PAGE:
The negative perceptions of local health services seemed to be informed by the informants’ past experiences and familiarity with healthcare services in their countries of origin. This was evident in the various ‘comparing and contrasting’ assessments of healthcare that they made between Scotland and Slovakia and the Czech Republic respectively, pointing to a ‘dual frame of reference’ being at play.11 For instance, the lack of ‘proper examinations’ by local GPs was a common theme which was juxtaposed to the more thorough checks that doctors would routinely carry out in Slovakia or the Czech Republic, such as measuring a patient’s temperature and blood pressure, undertaking blood tests, palpating a painful body part and so on. This was exemplified by Mr Materák’s complaint above, who felt he had to urge his GP to physically examine him rather than just rely on his verbal account. Other research participants emphasised the difference in the ways in which particular treatments were administered in Glasgow in comparison to treatment methods in their country of origin. The prescription of the painkiller paracetamol was contrasted with remedies treating the causes of ill health such as the antibiotics which doctors would ‘normally’ prescribe to patients in their countries of origin. This is reminiscent of Lindenmeyer, Redwood, Griffith, Ahmed and Phillimore’s (2016) study on antibiotic use among recently arrived migrants in the UK which reported similar contrasts among their research participants, who felt frustrated with the doctors prescribing them paracetamol instead of antibiotics. In their research they note how these migrants perceived paracetamol as being a ‘weak’ or ‘ineffective’ form of medication, as opposed to antibiotics, which were seen as ‘effective’ and ‘strong’, perceptions which, the authors point out, reflected migrants’ cultural background and experiences of healthcare in their home countries (Lindenmeyer et al. 2016: 805–806).

Specific expectations towards healthcare in line with my informants’ cultural understandings of health and illness seemed to underpin their perceptions. Historically, in socialist Czechoslovakia, for example, a ‘modernist’ or scientific and rational approach to healthcare had been promoted, focusing on physical and biological care and relegating emotional care to the realm of family and kinship relations (Read 2007: 204–208). While ideas and ideologies around medical care provision have started to change post-1989, some of the older values appeared to still shape medical culture in the Czech Republic (Read 2007: 216) and Slovakia and might have contributed to my informants’ complaints about the lack of examinations and medical tests by their ‘unprofessional’, ‘unskilled’ and ‘cold’ GPs in Scotland. In other words, compared to the rather ‘more physical’ practice of healthcare in their countries of origin, my research participants perceived GP services in Glasgow as ‘uncaring’.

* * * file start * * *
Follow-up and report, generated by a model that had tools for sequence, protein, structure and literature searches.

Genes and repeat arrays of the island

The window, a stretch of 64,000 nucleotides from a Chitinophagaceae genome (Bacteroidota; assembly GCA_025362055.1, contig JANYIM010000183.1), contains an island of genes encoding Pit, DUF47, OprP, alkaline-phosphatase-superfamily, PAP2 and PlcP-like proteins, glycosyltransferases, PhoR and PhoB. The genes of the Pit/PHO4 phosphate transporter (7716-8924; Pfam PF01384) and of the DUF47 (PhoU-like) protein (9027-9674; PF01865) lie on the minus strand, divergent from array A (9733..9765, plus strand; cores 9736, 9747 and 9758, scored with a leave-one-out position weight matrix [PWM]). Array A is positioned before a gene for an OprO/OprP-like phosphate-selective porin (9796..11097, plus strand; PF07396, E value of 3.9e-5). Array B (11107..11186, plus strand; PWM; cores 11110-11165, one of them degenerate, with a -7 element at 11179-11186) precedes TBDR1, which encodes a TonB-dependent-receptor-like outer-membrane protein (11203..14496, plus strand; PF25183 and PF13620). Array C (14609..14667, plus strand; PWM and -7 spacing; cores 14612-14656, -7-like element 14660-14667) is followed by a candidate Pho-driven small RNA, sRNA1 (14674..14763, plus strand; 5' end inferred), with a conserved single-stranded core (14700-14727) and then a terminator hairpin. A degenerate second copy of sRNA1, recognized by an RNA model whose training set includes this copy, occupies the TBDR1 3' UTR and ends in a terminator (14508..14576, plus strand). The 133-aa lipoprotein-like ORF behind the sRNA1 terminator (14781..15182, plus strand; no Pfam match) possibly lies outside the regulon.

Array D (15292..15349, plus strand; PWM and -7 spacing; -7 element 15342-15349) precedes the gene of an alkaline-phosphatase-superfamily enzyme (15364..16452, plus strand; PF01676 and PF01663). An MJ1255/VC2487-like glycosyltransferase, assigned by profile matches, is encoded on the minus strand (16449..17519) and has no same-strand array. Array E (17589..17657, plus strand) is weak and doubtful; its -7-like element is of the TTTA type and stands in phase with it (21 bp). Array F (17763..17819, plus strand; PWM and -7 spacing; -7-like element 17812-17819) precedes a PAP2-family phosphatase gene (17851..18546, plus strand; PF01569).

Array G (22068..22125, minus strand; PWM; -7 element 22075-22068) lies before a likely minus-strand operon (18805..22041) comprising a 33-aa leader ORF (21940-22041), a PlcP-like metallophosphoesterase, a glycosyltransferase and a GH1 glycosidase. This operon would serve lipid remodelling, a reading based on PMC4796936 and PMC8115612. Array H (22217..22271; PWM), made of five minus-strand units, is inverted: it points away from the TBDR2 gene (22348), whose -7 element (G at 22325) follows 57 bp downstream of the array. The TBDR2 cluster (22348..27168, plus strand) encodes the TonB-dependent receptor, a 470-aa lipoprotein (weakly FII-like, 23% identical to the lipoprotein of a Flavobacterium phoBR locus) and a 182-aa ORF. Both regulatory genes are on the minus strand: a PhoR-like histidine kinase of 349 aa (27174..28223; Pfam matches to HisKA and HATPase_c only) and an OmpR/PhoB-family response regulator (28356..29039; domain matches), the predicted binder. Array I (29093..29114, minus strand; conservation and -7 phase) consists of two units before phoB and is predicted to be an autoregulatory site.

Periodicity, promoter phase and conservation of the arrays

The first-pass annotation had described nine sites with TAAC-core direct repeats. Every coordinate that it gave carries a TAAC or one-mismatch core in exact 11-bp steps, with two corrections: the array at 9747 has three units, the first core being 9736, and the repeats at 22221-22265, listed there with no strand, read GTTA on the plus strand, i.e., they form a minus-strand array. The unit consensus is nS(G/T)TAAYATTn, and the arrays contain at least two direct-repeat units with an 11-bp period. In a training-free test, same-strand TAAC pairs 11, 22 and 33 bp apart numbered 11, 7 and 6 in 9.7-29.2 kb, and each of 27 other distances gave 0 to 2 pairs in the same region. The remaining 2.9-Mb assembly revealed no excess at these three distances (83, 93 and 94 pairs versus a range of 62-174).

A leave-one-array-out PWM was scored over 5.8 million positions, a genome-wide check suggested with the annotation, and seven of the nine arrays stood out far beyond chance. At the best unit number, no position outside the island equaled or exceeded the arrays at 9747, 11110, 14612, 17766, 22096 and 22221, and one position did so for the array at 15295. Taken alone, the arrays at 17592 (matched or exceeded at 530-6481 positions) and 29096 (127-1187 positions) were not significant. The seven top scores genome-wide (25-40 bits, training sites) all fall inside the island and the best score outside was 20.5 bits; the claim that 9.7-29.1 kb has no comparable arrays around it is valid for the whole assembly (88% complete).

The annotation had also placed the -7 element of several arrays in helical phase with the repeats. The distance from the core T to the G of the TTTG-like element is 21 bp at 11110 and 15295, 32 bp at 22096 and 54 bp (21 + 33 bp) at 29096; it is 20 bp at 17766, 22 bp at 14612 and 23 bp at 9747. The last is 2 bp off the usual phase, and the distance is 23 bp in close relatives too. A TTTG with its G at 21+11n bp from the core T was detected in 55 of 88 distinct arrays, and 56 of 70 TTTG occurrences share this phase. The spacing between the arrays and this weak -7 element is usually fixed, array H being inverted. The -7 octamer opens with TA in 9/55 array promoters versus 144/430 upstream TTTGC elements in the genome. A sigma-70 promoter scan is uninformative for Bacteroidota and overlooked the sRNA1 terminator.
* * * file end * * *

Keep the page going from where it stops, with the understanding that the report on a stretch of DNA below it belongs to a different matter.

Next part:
To some extent, my informants’ everyday comparisons also reflect differences in the organisation of institutionalised healthcare between Scotland and Slovakia and the Czech Republic. Take, for example, the common complaint about GPs acting as ‘gatekeepers’, making it very difficult for patients to be seen by ‘specialists’ in Glasgow, as the above case of Ms Herčeková exemplified. The healthcare system in Scotland / the UK consists of two key components: GPs who provide primary care (and thus are the first point of contact for patients) and hospitals that provide specialist or secondary care (Robson 2011). The key arrangement in this system is that it is GPs, as primary service providers, who refer patients to further services such as specialist examinations and surgeries in hospital if they (the GPs) deem it necessary. In Slovakia and the Czech Republic, on the other hand, there is no such rigid differentiation, as hospitals and/or polyclinics provide both primary and secondary care (Bryndová, Pavloková, Roubal, Rokosová aand Gaskins 2009; Szalay, Pažitný, Szalayová, Frisová, Morvay, Petrovic and Ginneken 2011). This means that patients are able to access specialists such as paediatricians, gynaecologists and physiotherapists directly, without the need for a doctor’s referral.